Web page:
SWANSON: Well, it is difficult in our country 'cause we have so many guns and they are constitutionally protected, the private right to own a gun. I think we need better criteria for identifying people who shouldn't be able to buy a gun at the point of purchase. The criteria we have now that we've inherited from the 1968 Gun Control Act are too broad and too narrow at the same time. So we need to focus more on actual risks - so people who have a history of violent behavior, people like, you know, who have a, say, a misdemeanor, violent-crime conviction, maybe problems with alcohol. But the other thing we need to do is put a - put a tool, a legal tool, in the hands of law enforcement and family members as a number of states have done to actually remove firearms from people who are known to be at risk. Sometimes people around an individual will have very specific information about them that even, you know, clinicians or - or police or others don't have that somebody should know about. We had an incident here in Chapel Hill, my hometown, where a very angry man shot three Muslim young people in the head. People knew he was angry. He had all these guns. He had them legally. But there is a way, a preemptive risk-based temporary gun-removal tool that's not criminalizing which could actually save lives, and we have some evidence that this works - actually to prevent suicide, as well.
So that's - that's another thing. And then of course we need something to - to try to do something about the illegal gun markets and the fact that we have so many transfers of firearms that happen outside the background checks...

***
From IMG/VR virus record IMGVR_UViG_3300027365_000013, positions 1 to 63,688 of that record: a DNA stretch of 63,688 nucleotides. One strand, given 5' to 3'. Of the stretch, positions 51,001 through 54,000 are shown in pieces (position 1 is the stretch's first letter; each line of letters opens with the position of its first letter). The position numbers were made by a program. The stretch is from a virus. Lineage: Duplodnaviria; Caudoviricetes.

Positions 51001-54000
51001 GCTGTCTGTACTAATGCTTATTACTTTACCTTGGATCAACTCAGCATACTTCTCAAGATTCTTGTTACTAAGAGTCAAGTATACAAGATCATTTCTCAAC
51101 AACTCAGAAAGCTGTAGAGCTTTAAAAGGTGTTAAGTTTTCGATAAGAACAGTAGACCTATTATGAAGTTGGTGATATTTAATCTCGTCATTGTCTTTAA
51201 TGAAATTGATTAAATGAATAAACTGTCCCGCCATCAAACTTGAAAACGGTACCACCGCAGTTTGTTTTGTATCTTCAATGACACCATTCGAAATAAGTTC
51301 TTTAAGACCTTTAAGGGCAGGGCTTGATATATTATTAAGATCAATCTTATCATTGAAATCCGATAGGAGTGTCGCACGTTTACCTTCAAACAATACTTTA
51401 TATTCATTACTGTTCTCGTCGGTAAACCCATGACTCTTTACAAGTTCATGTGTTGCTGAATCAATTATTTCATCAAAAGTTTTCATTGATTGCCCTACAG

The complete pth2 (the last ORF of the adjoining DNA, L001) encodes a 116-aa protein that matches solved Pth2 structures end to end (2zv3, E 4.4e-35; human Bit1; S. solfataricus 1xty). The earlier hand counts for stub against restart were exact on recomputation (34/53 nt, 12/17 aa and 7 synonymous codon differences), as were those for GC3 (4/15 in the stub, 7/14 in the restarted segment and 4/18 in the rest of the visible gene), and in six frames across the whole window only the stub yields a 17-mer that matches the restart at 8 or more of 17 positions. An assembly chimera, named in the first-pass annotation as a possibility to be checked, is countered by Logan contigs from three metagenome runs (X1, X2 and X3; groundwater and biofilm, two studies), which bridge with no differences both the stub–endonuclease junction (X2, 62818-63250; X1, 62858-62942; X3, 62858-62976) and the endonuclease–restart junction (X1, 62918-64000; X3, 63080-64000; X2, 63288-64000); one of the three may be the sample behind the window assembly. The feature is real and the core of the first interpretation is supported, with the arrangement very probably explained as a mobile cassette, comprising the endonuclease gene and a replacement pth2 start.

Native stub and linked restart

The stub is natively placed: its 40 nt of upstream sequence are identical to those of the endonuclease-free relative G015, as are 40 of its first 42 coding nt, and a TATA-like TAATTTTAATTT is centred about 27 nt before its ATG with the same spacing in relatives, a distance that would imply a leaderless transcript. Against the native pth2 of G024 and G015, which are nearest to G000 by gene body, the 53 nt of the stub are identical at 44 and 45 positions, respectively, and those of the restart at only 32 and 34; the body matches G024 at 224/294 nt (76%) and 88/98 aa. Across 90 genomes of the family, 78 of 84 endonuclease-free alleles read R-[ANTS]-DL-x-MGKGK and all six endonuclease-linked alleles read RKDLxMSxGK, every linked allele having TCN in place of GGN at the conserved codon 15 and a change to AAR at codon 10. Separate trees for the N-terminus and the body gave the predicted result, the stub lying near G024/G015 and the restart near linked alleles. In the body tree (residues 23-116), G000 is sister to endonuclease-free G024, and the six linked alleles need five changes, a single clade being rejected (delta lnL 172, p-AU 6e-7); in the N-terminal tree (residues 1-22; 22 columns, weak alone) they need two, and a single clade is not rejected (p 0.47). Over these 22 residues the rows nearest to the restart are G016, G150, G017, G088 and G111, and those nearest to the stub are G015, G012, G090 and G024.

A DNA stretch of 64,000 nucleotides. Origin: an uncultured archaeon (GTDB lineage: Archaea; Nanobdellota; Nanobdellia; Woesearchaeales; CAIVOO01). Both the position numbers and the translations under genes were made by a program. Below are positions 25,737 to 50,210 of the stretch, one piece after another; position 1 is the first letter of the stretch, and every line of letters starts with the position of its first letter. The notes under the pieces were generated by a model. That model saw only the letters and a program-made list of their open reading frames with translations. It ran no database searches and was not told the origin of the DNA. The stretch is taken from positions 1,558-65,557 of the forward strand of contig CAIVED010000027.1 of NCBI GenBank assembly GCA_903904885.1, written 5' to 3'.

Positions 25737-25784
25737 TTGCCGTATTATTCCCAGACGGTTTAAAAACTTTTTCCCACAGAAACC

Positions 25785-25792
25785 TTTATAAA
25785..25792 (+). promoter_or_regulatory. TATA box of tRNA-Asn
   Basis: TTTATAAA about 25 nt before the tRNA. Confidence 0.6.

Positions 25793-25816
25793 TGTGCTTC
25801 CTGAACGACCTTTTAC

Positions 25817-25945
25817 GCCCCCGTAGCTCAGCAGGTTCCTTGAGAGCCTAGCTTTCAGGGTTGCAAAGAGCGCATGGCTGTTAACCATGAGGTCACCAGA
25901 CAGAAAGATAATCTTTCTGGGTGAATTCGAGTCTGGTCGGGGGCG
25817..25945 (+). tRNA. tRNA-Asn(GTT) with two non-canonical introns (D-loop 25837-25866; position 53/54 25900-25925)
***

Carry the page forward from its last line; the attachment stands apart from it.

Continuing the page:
GREENE: A lot of...
SWANSON: ...The secondary market.
GREENE: A lot of ideas and different things that - that will surely be debated and talked about going forward. Dr. Jeffrey Swanson is a professor in psychiatry and behavioral sciences and a specialist in mass shootings at the Duke University School of Medicine. Professor, thanks for your time this morning.
SWANSON: Thank you.
GREENE: And I - I'm joined by NPR's Scott Detrow, who's been here in the studios all morning. Worst mass shooting in modern U.S. history and - but not the first mass shooting that you and I have been sitting here talking about.
SCOTT DETROW, BYLINE: No. It's - it's a year and some months past the last time that - that we were talking about the deadliest modern American mass shooting. That was the Orlando Pulse nightclub.
DETROW: We have just learned that President Trump is expected to speak shortly and respond to this shooting. We know he's been briefed. He issued one tweet around 7 o'clock this morning saying he was sending his warmest condolences and sympathies to victims of the shooting. Also got a brief statement from the Department of Homeland Security, a key line here. At this time they have no information to indicate a specific credible threat involving other public venues in the country, but they did say expect to see increased security because of this.
GREENE: OK. That is an important statement from - from the federal government here in Washington. Scott Detrow, thanks a lot.
DETROW: Thank you.
GREENE: And we'll be covering this story, obviously, throughout the morning. Again, authorities saying more than 50 people killed last night in a mass shooting near the Las Vegas Strip. Transcript provided by NPR, Copyright NPR.